DFAS garnishment

What is DFAS Garnishment?

DFAS stands for the Defense Finance and Accounting Service.  This government agency is responsible for providing payment services for the U.S. Department of Defense, including the enforcement of garnishments against former and current members of the military. The DFAS Garnishment Operations office is located in Cleveland, Ohio.

In most cases, men and women who are (or were) in the military can have their pay garnished just as those with private employers can.  However, there are some different regulations and provisions that apply to military members. In general, the wages of a military service-person can be garnished for child support, alimony (spousal support,) commercial debt, and via the Uniformed Services Spouses’ Protection Act (USFSPA.)

DFAS Garnishment for Child Support and Spousal Support

For the DFAS to enforce a garnishment for child support or alimony (spousal support), a court order must provide the basis for the garnishment.  This order must specifically direct the employer (the government) to withhold the money.  If you’re seeking a DFAS child support garnishment, the first step is to contact your state’s child support enforcement agency, or an attorney who specializes in family law, to obtain such an order.

To stop a DFAS child support or spousal support garnishment, the agency or court that issued the withholding order must issue a termination order.  These garnishments will also stop if the withholding order specifies an end date, or if the garnishee can provide proof that the obligation is no longer in effect (such as if the supported child reached the age of 18.)

DFAS Garnishment for Commercial Debt

Creditors (such as banks or credit card companies) who have been awarded a civil judgment against a military member can seek the DFAS’s assistance in enforcing the judgment.  This is in the form of an “involuntary allotment.”  Implementing an involuntary allotment requires submitting form DD Form 2635, “Involuntary Allotment Application” to the DFAS, along with a copy of the civil judgment (which must be signed by a judge.)

Creditors seeking an involuntary allotment are advised to review CFR Part 112; 113 (1995), Indebtedness of Military Personnel and the Service Members’ Civil Relief Act prior to applying.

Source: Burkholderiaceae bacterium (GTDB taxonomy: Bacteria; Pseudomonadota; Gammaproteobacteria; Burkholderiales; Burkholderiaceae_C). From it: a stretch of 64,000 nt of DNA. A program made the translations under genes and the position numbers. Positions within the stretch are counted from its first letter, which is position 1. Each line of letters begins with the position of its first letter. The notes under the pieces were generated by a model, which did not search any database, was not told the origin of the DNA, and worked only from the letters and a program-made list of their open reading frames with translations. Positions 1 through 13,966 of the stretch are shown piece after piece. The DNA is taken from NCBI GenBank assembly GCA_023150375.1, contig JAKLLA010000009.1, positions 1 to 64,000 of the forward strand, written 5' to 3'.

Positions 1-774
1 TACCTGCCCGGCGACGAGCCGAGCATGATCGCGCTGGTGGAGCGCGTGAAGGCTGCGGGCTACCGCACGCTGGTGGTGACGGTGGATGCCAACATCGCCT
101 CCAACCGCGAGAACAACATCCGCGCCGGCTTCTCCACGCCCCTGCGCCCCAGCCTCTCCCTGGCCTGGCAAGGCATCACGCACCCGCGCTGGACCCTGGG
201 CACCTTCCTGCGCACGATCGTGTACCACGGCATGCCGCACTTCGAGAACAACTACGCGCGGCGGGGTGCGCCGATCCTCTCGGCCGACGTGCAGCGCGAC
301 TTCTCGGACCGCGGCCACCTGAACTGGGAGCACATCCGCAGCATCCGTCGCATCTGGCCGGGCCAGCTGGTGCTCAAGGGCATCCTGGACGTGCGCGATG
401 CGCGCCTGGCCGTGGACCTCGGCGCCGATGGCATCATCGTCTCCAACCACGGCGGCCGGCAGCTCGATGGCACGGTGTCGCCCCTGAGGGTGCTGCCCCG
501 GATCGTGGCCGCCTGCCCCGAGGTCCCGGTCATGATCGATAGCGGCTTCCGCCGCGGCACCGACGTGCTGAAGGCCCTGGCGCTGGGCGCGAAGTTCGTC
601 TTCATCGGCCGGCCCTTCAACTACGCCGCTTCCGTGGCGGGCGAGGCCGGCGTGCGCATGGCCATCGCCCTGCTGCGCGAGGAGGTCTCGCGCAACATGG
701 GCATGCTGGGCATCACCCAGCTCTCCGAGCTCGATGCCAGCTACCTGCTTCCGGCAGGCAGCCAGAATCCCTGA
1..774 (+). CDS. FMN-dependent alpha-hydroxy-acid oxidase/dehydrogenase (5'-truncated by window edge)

Military members are required to be given 90 days notice prior to any deductions are taken, and only one involuntary allotment can be in place at a time.

USFSPA

Under U.S. Federal Law, the Uniformed Services Former Spouses’ Protection Act (USFSPA) allows for state courts to award a portion (percentage or dollar amount) of the pay of retired servicepersons to an ex- spouse.  It also requires the Department of Defense to assist in the enforcement of these orders.

The USFSPA doesn’t provide for such entitlement in itself.  In order to seek relief under this Act, there must be a court order that awards the payments (such as a decree of divorce or annulment.)

Additionally, the military member and the ex-spouse must have been married for 10 years or more, during which the military member performed at least 10 years of military service.

Payments issued under the USFSPA stop upon the service member’s death.

DFAS Garnishment Limits

The amount of pay that can be subject to garnishment for child support and/or spousal support obligations are subject to federal law, which requires that no more than 50-60% of the garnishee’s disposable income be garnished. Disposable income is defined as the garnishee’s gross pay, after legally-required deductions, such as taxes, are withheld. The exact limit depends on certain circumstances such as if the person being garnished is supporting another dependent.

For commercial debts, up to 25% of the members’ disposable income can be garnished under federal law.

The highest amount that a former spouse can receive under the USFSPA is 50% of the member’s disposable retirement pay.  When there are both USFSPA and child support/spousal support payments being made, the total amount being deducted from the member’s retirement check can’t exceed 65% of their disposable income.

Note that the DFAS also processes garnishments for civilian employees of certain government agencies, but different regulations and rules may apply to these types of garnishments.

Further Information

Additional information regarding DFAS garnishments can be found on the DFAS website at www.dfas.mil/garnishment.  You can also call the toll-free DFAS customer service hotline at 1-888-332-7411.

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